CD40 was originally identified on circulating and tonsillar human B cells, and anti-CD40 monoclonal antibodies (MoAb) are known to deliver a progression signal to activated B cells. However, the expression and function of CD40 on human B cell precursors (BCP) have not been examined in detail. Two new anti-CD40 MoAb were produced and shown to recognize an epitope indistinguishable from the anti-CD40 antibody G28-5. CD40 was readily detected on normal and leukemic BCP by flow cytometry, and cell surface expression was upregulated by phorbol ester. Despite the ability of normal and leukemic BCP to respond to phorbol ester (PMA) and/or low molecular weight B cell growth factor (L-BCGF), anti-CD40 exerted no stimulatory action and could not enhance the response of these cells to PMA, L-BCGF, or both. Cross-linking anti-CD40 MoAb with rabbit anti-mouse Ig also failed to induce a proliferative response in normal BCP. We conclude that anti-CD40 does not exert demonstrable agonistic effects on normal and leukemic human BCP. Our results suggest that signal delivery through CD40 and/or subsequent intracellular signal processing may require accessory molecules not expressed in BCP, or CD40 may subserve a different function for BCP.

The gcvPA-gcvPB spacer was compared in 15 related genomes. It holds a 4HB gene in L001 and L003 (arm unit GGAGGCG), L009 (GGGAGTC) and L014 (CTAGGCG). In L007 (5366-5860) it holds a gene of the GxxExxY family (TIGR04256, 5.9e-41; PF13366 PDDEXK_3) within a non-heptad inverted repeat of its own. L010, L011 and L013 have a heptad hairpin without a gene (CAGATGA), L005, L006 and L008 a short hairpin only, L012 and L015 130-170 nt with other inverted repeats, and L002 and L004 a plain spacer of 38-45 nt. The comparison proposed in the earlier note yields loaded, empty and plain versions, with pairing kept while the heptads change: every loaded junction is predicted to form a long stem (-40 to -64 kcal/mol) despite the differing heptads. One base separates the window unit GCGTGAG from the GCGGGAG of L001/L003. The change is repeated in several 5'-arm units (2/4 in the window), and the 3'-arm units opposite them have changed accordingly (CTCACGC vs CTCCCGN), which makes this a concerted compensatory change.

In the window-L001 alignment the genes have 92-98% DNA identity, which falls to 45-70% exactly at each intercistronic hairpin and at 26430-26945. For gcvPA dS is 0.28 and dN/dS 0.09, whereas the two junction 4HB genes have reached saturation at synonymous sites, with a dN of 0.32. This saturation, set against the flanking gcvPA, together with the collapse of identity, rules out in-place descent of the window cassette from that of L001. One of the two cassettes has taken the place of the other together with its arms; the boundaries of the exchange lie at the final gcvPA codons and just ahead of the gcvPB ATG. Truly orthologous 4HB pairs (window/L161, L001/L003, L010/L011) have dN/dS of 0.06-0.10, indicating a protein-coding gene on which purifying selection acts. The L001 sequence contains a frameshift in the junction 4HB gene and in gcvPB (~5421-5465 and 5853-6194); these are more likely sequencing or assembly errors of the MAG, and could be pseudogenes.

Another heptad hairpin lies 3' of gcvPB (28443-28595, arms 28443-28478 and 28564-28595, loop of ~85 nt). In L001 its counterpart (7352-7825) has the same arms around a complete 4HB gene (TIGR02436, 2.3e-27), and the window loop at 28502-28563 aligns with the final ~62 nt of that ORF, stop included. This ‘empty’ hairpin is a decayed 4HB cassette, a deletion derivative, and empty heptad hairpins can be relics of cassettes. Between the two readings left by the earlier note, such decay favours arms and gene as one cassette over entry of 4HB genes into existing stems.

|Original language||English (US)|
|Number of pages||7|
|State||Published - 1990|